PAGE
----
Unique versions of some of the oldest stories in Europe have been retold for modern classrooms and released for free by the Cambridge Schools Classics Project.
Using classical tales is a great way to engage, inspire and motivate young people across the full ability range,
Will Griffiths, Director of the Cambridge Schools Classics Project
Two of Britain’s leading storytellers, Daniel Morden and Hugh Lupton, have retold Homer’s Iliad and Odyssey, and Ovid’s Metamorphoses, for a modern audience. The new recordings have been piloted in primary and secondary schools across the full ability range, and are now being made available for all teachers to use.
Although they are between two and three thousand years old, the stories are still embedded in everyday language and popular culture. People who don’t know the original tales may still speak of a “Trojan Horse,” boast of a “Midas Touch” or worry about an “Achilles Heel.”
Available from www.classictales.co.uk, Daniel and Hugh’s high-quality recordings are accompanied by teachers’ notes and additional resources, planned by experienced teachers and tested in both KS2 and KS3 classrooms.
The website provides a complete resource for teachers who would like to use classical tales in teaching, and for teachers who are looking for examples of seminal world literature. The pilot phase found the stories to be particularly helpful for teaching reading, writing, speaking and listening skills.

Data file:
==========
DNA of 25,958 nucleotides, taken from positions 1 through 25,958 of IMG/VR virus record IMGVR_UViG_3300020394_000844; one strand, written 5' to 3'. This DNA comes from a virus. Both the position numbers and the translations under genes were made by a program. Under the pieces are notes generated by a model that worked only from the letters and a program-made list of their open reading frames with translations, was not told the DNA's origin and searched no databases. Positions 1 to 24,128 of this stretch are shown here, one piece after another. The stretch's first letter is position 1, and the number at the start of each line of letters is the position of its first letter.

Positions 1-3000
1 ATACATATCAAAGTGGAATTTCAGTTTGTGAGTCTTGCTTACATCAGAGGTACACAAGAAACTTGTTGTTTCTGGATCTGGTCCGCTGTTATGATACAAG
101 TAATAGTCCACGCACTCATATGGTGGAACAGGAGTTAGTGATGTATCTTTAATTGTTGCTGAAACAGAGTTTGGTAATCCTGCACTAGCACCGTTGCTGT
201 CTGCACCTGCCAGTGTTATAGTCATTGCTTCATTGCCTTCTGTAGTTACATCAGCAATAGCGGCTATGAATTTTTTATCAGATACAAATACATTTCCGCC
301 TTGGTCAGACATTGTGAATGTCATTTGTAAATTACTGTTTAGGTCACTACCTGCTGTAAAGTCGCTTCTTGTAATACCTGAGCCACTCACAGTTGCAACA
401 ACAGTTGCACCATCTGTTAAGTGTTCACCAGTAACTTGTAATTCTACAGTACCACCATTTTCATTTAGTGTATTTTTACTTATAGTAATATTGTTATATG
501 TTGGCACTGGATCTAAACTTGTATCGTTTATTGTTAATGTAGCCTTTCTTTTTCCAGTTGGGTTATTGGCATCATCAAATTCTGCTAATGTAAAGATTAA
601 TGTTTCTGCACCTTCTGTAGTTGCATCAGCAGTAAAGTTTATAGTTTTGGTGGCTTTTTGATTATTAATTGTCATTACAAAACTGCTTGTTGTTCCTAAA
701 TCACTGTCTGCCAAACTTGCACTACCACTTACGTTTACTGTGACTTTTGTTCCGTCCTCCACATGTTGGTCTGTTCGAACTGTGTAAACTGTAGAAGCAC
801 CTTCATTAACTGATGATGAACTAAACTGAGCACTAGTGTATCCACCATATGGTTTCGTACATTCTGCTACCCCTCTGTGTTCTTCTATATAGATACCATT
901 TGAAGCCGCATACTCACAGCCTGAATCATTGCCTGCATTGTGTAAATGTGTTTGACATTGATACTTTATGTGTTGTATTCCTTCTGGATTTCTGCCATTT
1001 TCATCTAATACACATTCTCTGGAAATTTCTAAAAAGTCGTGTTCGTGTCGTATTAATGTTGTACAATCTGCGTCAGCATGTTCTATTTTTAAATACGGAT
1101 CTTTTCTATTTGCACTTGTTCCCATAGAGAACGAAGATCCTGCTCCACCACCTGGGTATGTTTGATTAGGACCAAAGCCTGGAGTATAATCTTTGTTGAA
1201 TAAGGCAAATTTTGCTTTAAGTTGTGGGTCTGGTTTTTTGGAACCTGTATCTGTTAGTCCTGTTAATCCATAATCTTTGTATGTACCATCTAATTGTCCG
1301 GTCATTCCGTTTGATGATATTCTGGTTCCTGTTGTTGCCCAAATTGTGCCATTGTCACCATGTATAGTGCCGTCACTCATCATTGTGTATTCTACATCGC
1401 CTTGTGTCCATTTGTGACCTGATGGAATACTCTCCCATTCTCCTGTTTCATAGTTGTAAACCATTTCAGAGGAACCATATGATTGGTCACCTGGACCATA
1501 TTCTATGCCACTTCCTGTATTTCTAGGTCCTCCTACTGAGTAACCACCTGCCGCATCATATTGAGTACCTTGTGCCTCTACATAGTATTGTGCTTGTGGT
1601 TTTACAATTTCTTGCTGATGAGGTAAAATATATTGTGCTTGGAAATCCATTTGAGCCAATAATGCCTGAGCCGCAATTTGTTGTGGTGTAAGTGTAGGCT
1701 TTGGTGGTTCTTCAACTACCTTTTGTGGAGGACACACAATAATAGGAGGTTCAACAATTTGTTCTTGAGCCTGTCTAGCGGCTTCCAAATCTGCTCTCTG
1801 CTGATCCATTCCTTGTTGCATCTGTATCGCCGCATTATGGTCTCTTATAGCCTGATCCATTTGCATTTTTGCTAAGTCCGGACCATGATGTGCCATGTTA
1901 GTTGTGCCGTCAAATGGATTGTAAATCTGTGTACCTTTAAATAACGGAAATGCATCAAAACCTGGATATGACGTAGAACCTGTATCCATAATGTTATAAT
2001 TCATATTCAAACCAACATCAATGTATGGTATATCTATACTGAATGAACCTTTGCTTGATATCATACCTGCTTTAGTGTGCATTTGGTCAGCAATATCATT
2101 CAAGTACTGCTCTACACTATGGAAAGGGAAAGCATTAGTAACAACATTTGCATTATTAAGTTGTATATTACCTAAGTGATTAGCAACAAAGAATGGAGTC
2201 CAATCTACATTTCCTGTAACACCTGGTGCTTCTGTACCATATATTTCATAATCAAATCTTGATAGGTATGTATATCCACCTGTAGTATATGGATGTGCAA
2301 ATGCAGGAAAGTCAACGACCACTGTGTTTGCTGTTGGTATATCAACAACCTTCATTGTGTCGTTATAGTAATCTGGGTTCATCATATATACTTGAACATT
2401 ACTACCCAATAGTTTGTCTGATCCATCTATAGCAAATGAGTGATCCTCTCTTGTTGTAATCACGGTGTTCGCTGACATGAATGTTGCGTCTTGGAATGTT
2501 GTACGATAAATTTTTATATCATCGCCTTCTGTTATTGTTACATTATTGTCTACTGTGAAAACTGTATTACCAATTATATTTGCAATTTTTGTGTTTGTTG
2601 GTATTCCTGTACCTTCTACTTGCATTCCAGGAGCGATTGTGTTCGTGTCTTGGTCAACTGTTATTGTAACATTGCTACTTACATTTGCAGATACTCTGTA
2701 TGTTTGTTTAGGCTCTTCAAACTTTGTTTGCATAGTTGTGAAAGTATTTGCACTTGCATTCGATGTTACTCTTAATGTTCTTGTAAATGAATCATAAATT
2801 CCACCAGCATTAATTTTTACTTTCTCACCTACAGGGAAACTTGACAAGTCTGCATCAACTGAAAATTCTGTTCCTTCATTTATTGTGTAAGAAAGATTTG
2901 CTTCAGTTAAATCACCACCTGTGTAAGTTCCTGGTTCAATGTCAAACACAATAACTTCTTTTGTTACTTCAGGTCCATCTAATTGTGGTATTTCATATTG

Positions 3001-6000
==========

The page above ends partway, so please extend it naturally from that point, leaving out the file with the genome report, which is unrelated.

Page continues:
The new recordings are unique because Daniel and Hugh work in the original, oral tradition of storytelling. Their stories are told from memory, not read from a script. Working in the oral tradition preserves the power and excitement of the original tales, and brings the clarity and simplicity necessary to make the stories accessible to modern children.
The Iliad, Odyssey and Metamorphoses were chosen for the project because, although they are thousands of years old, they are still exciting stories which engage and interest children. The resources also encourage discussion of challenging contemporary questions, such as, “is there a proper way to fight a war?”
“Humans have always used stories to help think about experience, to entertain groups and to educate children,” said Will Griffiths, Director of the Cambridge Schools Classics Project. “These stories aim to achieve all these and more.”
“Our research shows that using classical tales is a great way to engage, inspire and motivate young people across the full ability range,” explains Will.
“We hope that KS2 and 3 teachers will find these new recordings a valuable resource in their classrooms, especially in light of curriculum changes and requirements to teach seminal world literature – what could be more seminal than stories told before the dawn of the written word?”
Dale McCarthy and Gracie Miller are both English Teachers at Nower Hill High School, a multi-cultural, non-selective academy in Greater London.
They have been teaching War with Troy and Return From Troy with 300 year 7 students for the last four years and have had very positive responses to the audio teaching materials.
Reflecting on the value of using recorded tellings of classic tales in the classroom, Gracie said "We think it's really worthwhile because they move from really brilliant listening skills into really brilliant writing skills".
"There are four key areas where it has really helped in our school: the first of which is that it motivates very disengaged boys,” Dale added.
"It provides really good access for dyslexic children and children with other learning difficulties," said Gracie, “and the engaging stories provide stimuli and models for brilliant creative writing."
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